Why migrateLet's start with the why. First, you don't have to migrate yet. This release as well as at least the upcoming releases of own- and Nextcloud will be compatible so you'll be able to migrate between them in the future. We don't want to break compatibility if we can avoid it!
Of course, right now Nextcloud 9 has some extra features and fixes and future releases will introduce other capabilities. With regards to security, we have Lukas Reschke working for us. However, we promise that for the foreseeable future we will continue to report all security issues we find to upstream in advance of any release we do. That means well ahead of our usual public disclosure policy, so security doesn't have to be a reason for people to move.
Migration overviewIf you've decided to migrate there are a number of steps to go through:
- Make sure you have everything set up properly and do a backup
- Move the old ownCloud install, preserving data and config
- Extract Nextcloud, correct permissions and put back data and config
- Switch data and config
- Trigger the update via command line or the web UI
There are other great resources besides this blog, especially this awesome post on our forums which gives a great and even more detailed overview of a migration with an Ubuntu/NGINX/PHP7/MariaDB setup.
PreparationFirst, let's check if you're set up properly. Make sure:
- You are on ownCloud 8.2.3 or later
- Make sure you have all dependencies
- Your favorite apps are compatible (with ownCloud 9), you can check this by visiting the app store at apps.owncloud.com
- You made a backup
Removing old filesIn this step, we'll move the existing installation preserving the data and configuration.
- Put your server in maintenance mode. Go to the folder ownCloud is installed in and execute
sudo -u www-data php occ maintenance:mode --on(www-data has to be your HTTP user). You can also edit your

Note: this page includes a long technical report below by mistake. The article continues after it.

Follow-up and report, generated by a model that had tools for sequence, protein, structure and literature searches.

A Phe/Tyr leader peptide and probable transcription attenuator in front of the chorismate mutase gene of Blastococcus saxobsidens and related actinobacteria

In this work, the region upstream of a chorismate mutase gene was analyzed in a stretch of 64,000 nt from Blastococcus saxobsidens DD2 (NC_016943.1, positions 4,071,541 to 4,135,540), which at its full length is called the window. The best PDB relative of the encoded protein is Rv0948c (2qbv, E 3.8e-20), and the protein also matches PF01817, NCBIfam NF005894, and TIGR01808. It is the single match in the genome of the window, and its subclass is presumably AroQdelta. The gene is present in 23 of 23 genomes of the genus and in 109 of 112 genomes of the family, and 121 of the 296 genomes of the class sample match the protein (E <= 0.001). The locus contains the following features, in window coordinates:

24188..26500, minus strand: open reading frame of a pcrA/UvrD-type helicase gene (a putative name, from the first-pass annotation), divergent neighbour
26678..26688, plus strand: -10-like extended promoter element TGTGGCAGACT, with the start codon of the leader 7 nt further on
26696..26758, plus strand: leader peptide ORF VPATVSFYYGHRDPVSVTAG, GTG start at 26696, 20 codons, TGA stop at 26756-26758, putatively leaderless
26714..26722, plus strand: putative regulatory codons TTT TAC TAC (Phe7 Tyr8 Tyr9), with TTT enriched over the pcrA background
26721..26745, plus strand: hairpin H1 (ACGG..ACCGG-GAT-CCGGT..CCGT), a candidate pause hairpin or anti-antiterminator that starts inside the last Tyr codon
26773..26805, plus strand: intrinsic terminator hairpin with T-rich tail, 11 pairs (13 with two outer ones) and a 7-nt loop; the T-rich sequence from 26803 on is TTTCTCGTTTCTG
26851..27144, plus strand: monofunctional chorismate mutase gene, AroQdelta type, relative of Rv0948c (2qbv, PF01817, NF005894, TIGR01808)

config.phpfile and changing
'maintenance' => false, to
'maintenance' => true,.
- Now move the data and config folder out of the way. Best to go to your webserver folder (something like
/var/www/htdocs/and do a
mv owncloud owncloud-backup
Deploying NextcloudNow, we will put Nextcloud in place.
- Grab Nextcloud from our download page or use wget:
- Optional: you can verify if the download went correct using our MD5 code, see this page. Run
md5sum nextcloud-9.0.50.zip. The output has to match this value:
- Now extract Nextcloud:
tar -xvf nextcloud-9.0.50.tar.bz2
- Put the config.php file in the right spot:
cp owncloud-backup/config/config.php nextcloud/config/config.php
- Now change the ownership of the files to that of your webserver, for example
chown wwwrun:www * -Ror
chown www-data *
- If you keep your data/ directory in your
owncloud/directory, copy it to your new
nextcloud/[*]. If you keep it outside of owncloud/ then you don't need to do anything as its location is in config.php.
* Note that if you have been upgrading your server from before ownCloud 6.0 there is a risk that moving the data directory causes issues. It is best to keep the folder with Nextcloud named 'owncloud'. This also avoids having to change all kinds of settings on the server, so it might be a wise choice in any case: rename the nextcloud folder to owncloud.
Now upgrade!Next up is restarting the webserver and upgrading.
- Restart your webserver. How depends on your distribution. For example,
rcapache2 restarton openSUSE,
service restart apache2on Ubuntu.
- You can now trigger the update either via OCC or via web. Command line is the most reliable solution. Run it as
sudo -u apache php occ upgradefrom the nextcloud folder. This has to run as the user of your webserver and thus can also be
- Then, finally, turn of maintenance mode:
sudo -u www-data php occ maintenance:mode --off